In the mouth: Just an immediate slap of tannins followed by slightly less pronounced fruity and floral notes. I get light and delicate tastes of dried apricots, peaches, milk chocolate, mocha, cinnamon, a bunch of purple fruits like roasted grapes, beets, figs, purple dragon fruit and freshly baked brioche.

Conclusions:

This is surprisingly not as tannic as I imagined it would be due to how old it is. I’m assuming the copious amounts of fruit are the distillate’s flavors mixed with the cask influence. They’re still shockingly delicate and expressive for how old they are, to the point I’d say the distillates in this are much more expressive than contemporary straight bourbon.

Which makes me wonder a few things, such as: what’s the exact age of these releases? Are they all bottled at the same age or do batches vary? Have they stopped aging these in oak barrels? How much of these are still being aged in oak and how much of the contents are being stored in demi-johns (glass jars for storing brandy)?

How much of these did they initially have and how much are left? How often do they bottle these? Based on the date Robert Parker scored this, it’s been around since 2005, so that’s at least 17 years of this expression being around.

I’m not saying I don’t believe that these are from 1929. That’s a long, long time to keep records. It’s even harder to keep documents from Cognac after the region went through Nazi occupation in World War II. There’s just not that much information on this online that finally tasting this has led me to ask more questions about it.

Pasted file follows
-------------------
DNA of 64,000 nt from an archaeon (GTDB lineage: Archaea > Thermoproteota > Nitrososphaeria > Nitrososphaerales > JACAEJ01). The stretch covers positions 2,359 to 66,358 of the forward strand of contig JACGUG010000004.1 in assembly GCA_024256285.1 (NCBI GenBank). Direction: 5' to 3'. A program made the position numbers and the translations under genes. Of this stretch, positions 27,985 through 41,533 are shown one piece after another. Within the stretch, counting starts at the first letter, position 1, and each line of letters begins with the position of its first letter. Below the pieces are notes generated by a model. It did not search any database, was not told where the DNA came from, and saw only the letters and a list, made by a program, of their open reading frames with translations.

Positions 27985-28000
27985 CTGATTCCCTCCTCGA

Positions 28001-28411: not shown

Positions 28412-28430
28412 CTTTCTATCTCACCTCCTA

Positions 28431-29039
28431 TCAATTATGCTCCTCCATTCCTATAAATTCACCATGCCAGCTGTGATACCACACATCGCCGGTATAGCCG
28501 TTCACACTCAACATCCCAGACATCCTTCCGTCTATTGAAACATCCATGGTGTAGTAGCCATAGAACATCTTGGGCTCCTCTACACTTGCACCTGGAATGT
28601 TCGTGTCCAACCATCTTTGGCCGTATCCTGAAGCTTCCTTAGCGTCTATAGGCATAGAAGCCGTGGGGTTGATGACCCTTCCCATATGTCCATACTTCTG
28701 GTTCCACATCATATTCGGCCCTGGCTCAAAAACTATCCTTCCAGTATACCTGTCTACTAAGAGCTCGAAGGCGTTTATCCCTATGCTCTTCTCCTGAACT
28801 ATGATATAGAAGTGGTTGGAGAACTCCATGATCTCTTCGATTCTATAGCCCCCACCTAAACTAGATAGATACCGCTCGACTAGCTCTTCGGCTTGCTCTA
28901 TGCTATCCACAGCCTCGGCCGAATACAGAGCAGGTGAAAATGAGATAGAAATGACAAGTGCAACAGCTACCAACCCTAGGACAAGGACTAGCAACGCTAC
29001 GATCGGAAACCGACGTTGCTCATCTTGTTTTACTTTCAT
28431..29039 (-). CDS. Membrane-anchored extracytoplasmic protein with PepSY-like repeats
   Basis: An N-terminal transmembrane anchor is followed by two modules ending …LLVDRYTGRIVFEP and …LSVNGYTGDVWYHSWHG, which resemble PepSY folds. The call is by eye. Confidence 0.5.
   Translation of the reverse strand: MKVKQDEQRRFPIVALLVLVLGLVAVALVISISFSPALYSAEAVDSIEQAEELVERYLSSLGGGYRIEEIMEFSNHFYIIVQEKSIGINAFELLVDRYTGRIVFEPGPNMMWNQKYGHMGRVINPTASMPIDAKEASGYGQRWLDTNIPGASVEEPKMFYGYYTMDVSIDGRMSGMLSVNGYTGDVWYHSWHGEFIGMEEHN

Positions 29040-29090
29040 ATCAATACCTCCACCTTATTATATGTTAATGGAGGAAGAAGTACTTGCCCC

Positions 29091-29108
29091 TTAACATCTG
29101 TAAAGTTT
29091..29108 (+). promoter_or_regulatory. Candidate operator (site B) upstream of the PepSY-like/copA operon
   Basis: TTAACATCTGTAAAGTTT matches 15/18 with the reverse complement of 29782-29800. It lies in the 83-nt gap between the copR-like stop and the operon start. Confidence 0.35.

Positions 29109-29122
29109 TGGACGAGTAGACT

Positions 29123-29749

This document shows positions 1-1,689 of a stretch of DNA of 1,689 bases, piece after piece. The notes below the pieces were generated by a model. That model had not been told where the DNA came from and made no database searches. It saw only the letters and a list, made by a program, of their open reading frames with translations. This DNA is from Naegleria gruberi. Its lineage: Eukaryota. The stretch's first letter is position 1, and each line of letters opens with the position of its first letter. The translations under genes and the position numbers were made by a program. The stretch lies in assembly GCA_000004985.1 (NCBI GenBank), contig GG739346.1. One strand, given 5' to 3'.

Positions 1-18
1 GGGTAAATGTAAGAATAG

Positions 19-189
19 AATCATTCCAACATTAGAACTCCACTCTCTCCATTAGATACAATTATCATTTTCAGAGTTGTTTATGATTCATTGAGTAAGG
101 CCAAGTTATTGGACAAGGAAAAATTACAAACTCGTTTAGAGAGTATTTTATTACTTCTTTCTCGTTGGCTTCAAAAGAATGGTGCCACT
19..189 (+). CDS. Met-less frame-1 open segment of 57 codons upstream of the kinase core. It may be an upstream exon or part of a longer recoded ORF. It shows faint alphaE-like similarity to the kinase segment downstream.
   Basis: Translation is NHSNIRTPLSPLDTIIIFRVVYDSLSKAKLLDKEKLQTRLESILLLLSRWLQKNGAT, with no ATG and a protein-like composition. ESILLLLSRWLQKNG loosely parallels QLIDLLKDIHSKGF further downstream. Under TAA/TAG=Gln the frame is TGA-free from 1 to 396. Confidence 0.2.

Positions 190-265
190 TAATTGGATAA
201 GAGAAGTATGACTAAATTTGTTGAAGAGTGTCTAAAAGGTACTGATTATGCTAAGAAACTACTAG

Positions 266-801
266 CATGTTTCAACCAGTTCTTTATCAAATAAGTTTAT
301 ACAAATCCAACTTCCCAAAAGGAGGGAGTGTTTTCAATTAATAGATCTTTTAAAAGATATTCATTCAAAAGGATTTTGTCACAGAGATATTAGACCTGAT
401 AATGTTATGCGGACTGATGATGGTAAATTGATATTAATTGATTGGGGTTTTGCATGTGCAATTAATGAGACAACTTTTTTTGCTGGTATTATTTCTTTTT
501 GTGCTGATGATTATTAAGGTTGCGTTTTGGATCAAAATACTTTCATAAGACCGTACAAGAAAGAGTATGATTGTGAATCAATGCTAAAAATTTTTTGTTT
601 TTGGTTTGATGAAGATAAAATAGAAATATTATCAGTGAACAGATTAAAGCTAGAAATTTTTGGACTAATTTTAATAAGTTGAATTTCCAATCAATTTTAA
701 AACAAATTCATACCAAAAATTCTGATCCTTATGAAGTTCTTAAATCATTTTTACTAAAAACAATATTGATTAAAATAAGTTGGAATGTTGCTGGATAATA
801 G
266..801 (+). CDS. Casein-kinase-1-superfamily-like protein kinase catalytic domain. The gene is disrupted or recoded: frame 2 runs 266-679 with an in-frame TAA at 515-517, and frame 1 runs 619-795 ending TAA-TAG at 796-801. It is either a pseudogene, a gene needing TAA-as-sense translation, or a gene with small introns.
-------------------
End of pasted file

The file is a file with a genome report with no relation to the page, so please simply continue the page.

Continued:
All-in-all a good Cognac regardless of price. This should be something the age-conscious drinkers should try, to not only get a better grasp of what loooooong aging can do but also, if they want to taste something ancient with regards to how saturated and pricey whisky has become.

Score: 7/10

(8 if the price isn’t considered)

(tasted again after 30 minutes of breathing)

Color: Coconut sugar syrup.

On the nose: The astringency of the tannins is more evident. The aromas’ sensations are also thinner. It’s like the oxygen has diluted how potent the notes are. I still get dried apricots, pears, cinnamon, mocha, and milk chocolate. But these are way lighter and thinner. They aren’t as lasting when compared with the freshly poured dram.

In the mouth: The tannins are more evident here too. I still get milk chocolate, dried apricots, mocha, cinnamon, roasted grapes and peaches. But, like on the nose, these have become lighter and thinner. Breathing hasn’t lessened how long the finish lasts though.

Conclusion:

I let this breathe for 30 minutes because I assume it’s old. But I guess this is one of the few cases wherein the spirit could be too old that it has become fragile, kind of like an old man being toppled over by a strong gust of wind. I’m going to drink this sample quickly before it goes bad in the sample bottle.

Score: 5/10

(6 if price isn’t considered)